The Duke of Sussex is helping to keep morale high among Invictus Games competitors as the event is canceled for the second time

By Simon Perry
February 03, 2021 01:15 PM
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Prince Harry at an Invictus Games event

For the competitors in Prince Harry's Paralympic-style Invictus Games, the camaraderie of the competition is as much a part of the event as the winning and losing.

However, it's lost when the games can't happen – as was the case last year and now this year with the recent announcement that the Invictus Games have been canceled yet again due to COVID-19. On Tuesday, Harry and his fellow organizers shared that the event, which was set to take place in The Hague, in the Netherlands, will now be postponed until spring 2022.

But for those sick and injured servicemen and women who were set to take part, and those who have done so in the past, there is a worldwide community out there supporting each other. And that community includes the Duke of Sussex.

"He is involved in the meetings we have and is always very keen to bring the conversation back to what competitors want and they need," an Invictus Games spokesman says.

Prince Harry at an Invictus Games event
| Credit: Chris Jackson/Getty

Keeping spirits up and building on the Invictus Games' success at bringing new challenges to servicemen and women is something that former army officer Prince Harry, who served two tours of Afghanistan, is mindful of. And, as ever, Harry will be key to keeping morale going whenever and however he can.

In November 2019, the organization launched the WeAreInvictus app, which is designed for international wounded, injured and sick personnel to have a "safe and secure space to support one another" beyond and between the games.

Through the app, people can suggest their own sporting challenges and find other events that are taking place. So, a weightlifter might set up a mini-contest against colleagues or competitors around the world.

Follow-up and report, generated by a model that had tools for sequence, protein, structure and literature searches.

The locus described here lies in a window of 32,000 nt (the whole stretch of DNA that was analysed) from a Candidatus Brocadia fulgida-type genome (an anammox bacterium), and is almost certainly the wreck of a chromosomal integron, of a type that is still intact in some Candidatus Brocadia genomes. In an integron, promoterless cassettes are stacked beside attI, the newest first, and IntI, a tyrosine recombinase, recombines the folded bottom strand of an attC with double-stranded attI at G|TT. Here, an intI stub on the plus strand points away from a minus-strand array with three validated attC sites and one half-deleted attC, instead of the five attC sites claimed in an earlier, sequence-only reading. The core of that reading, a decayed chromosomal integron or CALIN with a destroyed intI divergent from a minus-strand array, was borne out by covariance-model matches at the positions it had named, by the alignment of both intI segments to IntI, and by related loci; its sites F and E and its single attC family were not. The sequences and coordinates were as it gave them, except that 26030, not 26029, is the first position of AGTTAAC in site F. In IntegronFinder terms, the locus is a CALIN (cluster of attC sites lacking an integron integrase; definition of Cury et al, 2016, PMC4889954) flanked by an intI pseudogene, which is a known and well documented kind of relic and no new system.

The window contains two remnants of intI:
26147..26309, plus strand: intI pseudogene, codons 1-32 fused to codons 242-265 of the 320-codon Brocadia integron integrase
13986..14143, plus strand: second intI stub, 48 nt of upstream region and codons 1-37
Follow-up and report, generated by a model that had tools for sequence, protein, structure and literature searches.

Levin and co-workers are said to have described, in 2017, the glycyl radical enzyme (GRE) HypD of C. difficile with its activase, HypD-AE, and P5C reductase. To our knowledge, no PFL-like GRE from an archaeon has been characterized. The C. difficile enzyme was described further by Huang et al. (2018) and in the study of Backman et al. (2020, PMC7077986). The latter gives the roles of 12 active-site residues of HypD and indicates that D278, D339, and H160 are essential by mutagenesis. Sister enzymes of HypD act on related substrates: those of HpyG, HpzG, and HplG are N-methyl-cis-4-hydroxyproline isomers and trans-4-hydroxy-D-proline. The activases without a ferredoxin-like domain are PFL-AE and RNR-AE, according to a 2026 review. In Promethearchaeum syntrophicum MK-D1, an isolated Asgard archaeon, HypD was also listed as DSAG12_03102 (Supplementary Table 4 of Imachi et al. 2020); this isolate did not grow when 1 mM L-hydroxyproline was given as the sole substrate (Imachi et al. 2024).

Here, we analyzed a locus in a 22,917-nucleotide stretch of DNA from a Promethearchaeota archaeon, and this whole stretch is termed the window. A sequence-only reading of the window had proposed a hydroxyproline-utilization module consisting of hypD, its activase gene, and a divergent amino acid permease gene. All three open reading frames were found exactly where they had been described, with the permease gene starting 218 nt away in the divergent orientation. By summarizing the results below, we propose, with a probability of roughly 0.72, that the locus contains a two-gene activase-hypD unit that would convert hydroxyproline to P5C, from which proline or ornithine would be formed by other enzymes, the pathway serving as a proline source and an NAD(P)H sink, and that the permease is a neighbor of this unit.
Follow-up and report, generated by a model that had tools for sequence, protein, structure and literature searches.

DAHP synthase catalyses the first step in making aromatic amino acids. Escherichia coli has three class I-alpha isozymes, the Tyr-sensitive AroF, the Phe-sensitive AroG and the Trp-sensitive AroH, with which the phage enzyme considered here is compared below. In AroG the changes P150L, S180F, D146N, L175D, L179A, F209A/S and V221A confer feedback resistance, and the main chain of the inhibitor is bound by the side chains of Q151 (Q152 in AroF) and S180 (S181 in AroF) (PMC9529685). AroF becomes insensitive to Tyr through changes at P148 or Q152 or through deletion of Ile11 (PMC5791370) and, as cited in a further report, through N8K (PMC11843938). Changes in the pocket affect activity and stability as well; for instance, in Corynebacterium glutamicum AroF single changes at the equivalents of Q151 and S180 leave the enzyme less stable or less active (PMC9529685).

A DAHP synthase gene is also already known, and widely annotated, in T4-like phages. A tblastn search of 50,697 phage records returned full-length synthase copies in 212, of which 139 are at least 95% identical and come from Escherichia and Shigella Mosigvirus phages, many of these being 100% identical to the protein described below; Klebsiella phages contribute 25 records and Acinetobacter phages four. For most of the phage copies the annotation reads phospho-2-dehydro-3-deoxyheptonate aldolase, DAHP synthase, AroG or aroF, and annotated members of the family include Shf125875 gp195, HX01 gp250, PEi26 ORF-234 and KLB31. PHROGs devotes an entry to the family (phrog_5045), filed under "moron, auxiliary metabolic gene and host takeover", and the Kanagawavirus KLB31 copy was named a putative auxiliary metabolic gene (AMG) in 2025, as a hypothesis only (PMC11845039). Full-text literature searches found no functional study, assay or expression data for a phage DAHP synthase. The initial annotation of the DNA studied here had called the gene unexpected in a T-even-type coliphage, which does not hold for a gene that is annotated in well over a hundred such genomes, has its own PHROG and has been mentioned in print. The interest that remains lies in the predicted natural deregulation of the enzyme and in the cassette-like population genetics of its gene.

"There are things that have happened during the pandemic that have proven to be so beneficial that we will carry on doing," according to the Invictus Games Foundation that runs the contests.

Two weeks ago, an additional project called Powered by Invictus leagues launched. Covering swimming, track and field, archery, cycling and indoor rowing, it allows people around the world to record their sporting endeavors in one place and creates a league table against their colleagues. It re-sets every month or quarter, depending on the sport.

"It is friendly competition and banter," the spokesman explains.

Meghan Markle at Invictus Games, Sydney 2018
| Credit: Dominic Lipinski/PA Images via Getty

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The fact that the spirit and sense of togetherness that is so evident during the Invictus Games can't flourish in light of restrictions and social distance rules amid the ongoing pandemic is one of the reasons why organizers had to postpone this year's event once again. But Harry and his team are hoping to have events throughout the year – especially during the week that the contest would have been held between May 29 and June 5, to provide a focus for those who would have taken part.

And since international travel isn't possible for the competitors, there may be in-person events in some of the countries that were set to be involved.

"Within each nation, we can hopefully bring people together when it is safe to do so," the spokesman adds.